Karachi, Pakistan - 1 March 2019: Mr. Katsunori Ashida, Acting Consul General of Japan, and Mr. Qazi Shahid Pervaiz, Secretary for School Education & Literacy Department, Government of Sindh, marked the opening of a new Non-Formal Basic Education (NFBE) Centre in Baloch Mujahid & Phulani Para, Ibrahim Hyderi, in the urban slums of Karachi yesterday.
The centre is one of 150 recently established thanks to support from the Government of Japan, in partnership with the Government of Sindh, Japan International Cooperation Agency (JICA) and the United Nations Children's Fund (UNICEF). The centres will provide 4,500 out-of-school children and adolescents -- more than half of them girls -- with access to primary education.
“The people of Japan will continue to support the Government of Sindh to improve education indicators,” said H.E. Mr. Ashida, Acting Consul General of Japan. “Decreasing the number of out-of-school children is at the heart of Japan’s development initiatives in the country,” he added.
The students will follow an accelerated learning programme which covers five years of school in 30 months, using a curriculum and learning materials developed thanks to JICA’s technical assistance to the Government of Sindh.
“Scaling up non-formal education, including service delivery, and allocating more funds is a priority task which we must undertake for the children of our country. We thank the Government of Japan for its generous support, and JICA and UNICEF for the technical assistance which they provided,” said Mr. Qazi Shahid Pervaiz, Secretary for School Education & Literacy Department in Sindh.
The centres, which are run by the Indus Resource Centre (IRC) and supported by UNICEF, target underprivileged children and adolescents living in urban slums in the city of Karachi and in two rural districts, Khairpur and Ghotki. The project includes teacher training and the provision of teaching and learning materials.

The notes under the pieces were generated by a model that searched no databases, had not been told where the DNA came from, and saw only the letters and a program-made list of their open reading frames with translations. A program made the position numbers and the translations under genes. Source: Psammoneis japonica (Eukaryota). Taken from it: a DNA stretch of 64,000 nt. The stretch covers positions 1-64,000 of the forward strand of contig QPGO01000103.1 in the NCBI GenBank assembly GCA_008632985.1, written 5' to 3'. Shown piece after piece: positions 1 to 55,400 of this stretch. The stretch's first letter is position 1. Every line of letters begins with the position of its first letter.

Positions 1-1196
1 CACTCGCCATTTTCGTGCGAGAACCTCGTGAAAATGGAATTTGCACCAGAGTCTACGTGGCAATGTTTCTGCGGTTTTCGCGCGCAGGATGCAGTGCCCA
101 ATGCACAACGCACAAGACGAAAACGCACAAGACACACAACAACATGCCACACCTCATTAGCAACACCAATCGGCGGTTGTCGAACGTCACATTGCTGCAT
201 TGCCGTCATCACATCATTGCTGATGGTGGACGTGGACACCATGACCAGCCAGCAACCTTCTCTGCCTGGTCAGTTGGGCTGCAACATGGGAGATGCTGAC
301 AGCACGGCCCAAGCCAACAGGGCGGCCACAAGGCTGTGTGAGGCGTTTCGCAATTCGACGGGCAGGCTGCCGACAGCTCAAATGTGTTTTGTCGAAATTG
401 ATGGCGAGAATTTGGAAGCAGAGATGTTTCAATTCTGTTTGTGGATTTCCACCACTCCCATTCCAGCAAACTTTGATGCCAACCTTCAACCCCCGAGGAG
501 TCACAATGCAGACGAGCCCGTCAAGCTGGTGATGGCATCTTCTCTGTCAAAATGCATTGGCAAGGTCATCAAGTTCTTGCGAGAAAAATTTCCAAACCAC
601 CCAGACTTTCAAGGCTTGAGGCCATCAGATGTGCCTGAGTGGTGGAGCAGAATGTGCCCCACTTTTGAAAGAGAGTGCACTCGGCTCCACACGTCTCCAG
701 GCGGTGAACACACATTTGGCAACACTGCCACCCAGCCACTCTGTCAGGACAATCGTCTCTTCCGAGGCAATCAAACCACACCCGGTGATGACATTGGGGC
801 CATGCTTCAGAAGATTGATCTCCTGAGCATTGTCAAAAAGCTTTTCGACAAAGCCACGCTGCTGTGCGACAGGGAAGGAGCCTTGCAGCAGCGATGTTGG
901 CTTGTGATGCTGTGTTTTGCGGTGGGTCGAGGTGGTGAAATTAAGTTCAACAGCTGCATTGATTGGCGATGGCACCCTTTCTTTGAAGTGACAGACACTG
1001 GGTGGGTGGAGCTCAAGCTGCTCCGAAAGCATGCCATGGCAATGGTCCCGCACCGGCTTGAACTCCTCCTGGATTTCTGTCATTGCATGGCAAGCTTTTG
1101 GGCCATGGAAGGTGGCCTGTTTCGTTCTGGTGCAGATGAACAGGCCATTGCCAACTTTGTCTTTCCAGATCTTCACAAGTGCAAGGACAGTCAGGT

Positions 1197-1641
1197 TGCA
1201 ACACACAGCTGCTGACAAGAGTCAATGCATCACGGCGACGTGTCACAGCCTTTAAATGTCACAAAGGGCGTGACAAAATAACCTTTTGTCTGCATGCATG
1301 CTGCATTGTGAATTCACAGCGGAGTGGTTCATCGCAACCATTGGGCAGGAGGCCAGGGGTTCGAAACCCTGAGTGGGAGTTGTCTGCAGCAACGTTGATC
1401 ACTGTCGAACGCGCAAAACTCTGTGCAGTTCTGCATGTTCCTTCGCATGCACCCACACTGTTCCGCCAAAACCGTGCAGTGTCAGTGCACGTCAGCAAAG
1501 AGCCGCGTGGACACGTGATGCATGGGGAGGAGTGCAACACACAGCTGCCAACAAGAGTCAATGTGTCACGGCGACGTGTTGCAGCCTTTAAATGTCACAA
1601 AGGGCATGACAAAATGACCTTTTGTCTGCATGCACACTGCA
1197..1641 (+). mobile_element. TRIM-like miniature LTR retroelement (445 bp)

“Creating synergies among various partner organisations, especially with the inclusion of the communities, helps deliver results,” said Mr. Abid Gill, Deputy Chief Advisor, JICA. “Without the support of the communities, non-formal education cannot play its vital role,” he added.
Alternative learning programmes provide overage children and adolescents, especially girls, with access to flexible learning opportunities. They target both children who never had the chance to go to school as well as children who dropped out.
“UNICEF is grateful for Japan’s generous support to non-formal education, offering 4,500 girls and boys an opportunity to learn and fulfil their right to education,” said Ms. Aida Girma, UNICEF Representative in Pakistan.
This initiative will contribute to the implementation of the Sindh government’s Non-Formal Education Policy for out-of-school-children and adolescents in the province. It aims to help 600,000 out-of-school children learn within the next five years, using alternative learning programmes.
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